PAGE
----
Together you review the learning outcomes of your course and discuss how you can create a positive environment for all students and ask reflective questions that encourage your students to share their learning and thinking in the best ways for them. Since the Cultural Advisor has a unique perspective due to their personal Indigenous identity, they suggest you start conversations with other community members to learn from them and to get to know the broad variety of Indigenous voices. There is no single Indigenous identity, and one person cannot speak for them all. This will give you a good foundation to see your students’ identities and how you can best support them.
You realize that incorporating Indigenous ways of learning, communicating and collaborating will also benefit all other students for they create an environment of inquiry, sharing, supporting each other, learning together and learning from each other. You further determine that the portfolio is a great vehicle for giving students that freedom of self-expression and inviting them to choose their own ways of representing themselves.
You may introduce your students to the use of Traditional Knowledge Labels to identify specific knowledge and resources to express how these can be shared and used in research.
Scenario #6 (Multiple)
You are an educator and teach a course that includes the creation of a semester-long learning portfolio as well as assessment portfolios. Before the start of the semester, you review your inclusive teaching statement and adjust it if needed. You include the statement in your syllabus and lead a discussion in the first class session with your students to ensure that they understand what that means for their learning, how they approach their class activities, and what they can expect of you and each other. Together, you establish group agreements that everyone agrees to, including a plan on how to deal with offenses.
Throughout the semester, you reflect on your practice and how you support students in their personal learning journeys that they express and share in their portfolios and make adjustments to your interactions and how you give feedback as needed. You also review your scaffolding of portfolio work as the semester progresses as you may see that students require less guidance the more experience they have creating their own portfolios and engaging with other students’ portfolios.
In a department meeting, you discuss your experiences in your course with other educators to share how the portfolio has helped your students form meaningful relationships with each other and with you and how that can influence their further studies with other educators. You help each other find common elements in each course that you can use to link the individual courses and show students how they can progress from one to another and keep up with their portfolio work. Your learning designer, who works across all courses in your department, supports you to create that cohesion.
We would like to thank everyone who has supported the research and our learning on this topic, especially those we interviewed: Prof. Dr. Marie Battiste (University of Saskatchewan in Canada), Chris Cormack (Kāi Tahu, Kāti Māmoe; Catalyst IT in Aotearoa New Zealand), Dr. Frankie Egan (Monash University in Australia), Hinerangi Eruera Murphy (Ngāti Awa; Te Whare Wānanga ō Awanuiārangi in Aotearoa New Zealand), Chelsea Finnie (Catalyst IT in Aotearoa New Zealand), Prof. Dr. JaneMaree Maher (Monash University in Australia), Dr. Emily van der Nagel (Monash University in Australia), Prof. Dr. Chavella Pittman (Effective Faculty in the U.S.A.), Prof. Dr. Linda Tuhiwai Smith (Ngāti Awa, Ngāti Porou; University of Waikato – Te Whare Wānanga o Waikato in Aotearoa New Zealand), Dr. Zala Volcic (Monash University in Australia).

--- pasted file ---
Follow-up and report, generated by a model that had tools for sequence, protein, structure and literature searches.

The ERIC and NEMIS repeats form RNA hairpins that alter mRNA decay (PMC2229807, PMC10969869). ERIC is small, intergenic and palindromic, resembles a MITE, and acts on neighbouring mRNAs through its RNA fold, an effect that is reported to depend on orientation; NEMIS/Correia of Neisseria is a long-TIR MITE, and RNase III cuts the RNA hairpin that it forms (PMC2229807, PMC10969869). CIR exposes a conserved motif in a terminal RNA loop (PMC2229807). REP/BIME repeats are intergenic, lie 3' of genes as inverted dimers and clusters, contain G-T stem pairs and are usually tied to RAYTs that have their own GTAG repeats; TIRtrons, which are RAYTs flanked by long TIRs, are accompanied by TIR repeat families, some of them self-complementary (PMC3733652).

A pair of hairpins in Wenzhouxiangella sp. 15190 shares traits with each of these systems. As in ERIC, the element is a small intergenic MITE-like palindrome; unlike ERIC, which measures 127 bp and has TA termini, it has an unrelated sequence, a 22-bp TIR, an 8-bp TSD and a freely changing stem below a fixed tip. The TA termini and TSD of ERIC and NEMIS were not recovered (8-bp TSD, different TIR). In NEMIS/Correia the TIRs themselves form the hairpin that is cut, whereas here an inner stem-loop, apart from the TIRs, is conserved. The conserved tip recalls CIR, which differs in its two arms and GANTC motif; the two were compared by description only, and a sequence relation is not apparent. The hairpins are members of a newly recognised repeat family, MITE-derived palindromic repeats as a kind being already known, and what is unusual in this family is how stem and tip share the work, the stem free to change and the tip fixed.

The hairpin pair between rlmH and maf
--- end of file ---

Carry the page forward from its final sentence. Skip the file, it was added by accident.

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- Asset Model: A model that allows learners to show their strengths, skills, and interests through their work.
- DEIBD: Combinations of concepts–Diversity, Equity, Inclusion, Belonging, Decolonization–are known by a number of different abbreviations, e.g. DI, DEI, DEIB. In these principles, we have included the ‘Decolonization’ aspect to make it visible.
- Diversity: The presence of difference or what makes each person unique.
- Equity: “Freedom from biases, assumptions and institutional barriers that negatively impact learners’ motivation, opportunities and achievements.” – Peralta Community College District – Online Equity Initiative
- Inclusion: The process of making each person feel valued and welcome
- Belonging: “…the extent to which students feel personally accepted, respected, included, and supported by others in the school social environment” (Goodenow and Grady, 1993, p. 80).
- Decolonization: “Decolonization, once viewed as the formal process of handing over the instruments of government, is now recognized as a long-term process involving the bureaucratic, cultural, linguistic and psychological divesting of colonial power” (Smith, 1999, p. 98).
- Intersectional identity: Interconnected and overlapping aspects of one’s identity, culture and background that, in different combinations, can amplify discrimination or privilege. See also intersectionality.
- Intersectionality: “a framework for conceptualizing a person, group of people, or social problem as affected by a number of discriminations and disadvantages. It takes into account people’s overlapping identities and experiences in order to understand the complexity of prejudices and privileges they face” (Kort, 2019, para. 3).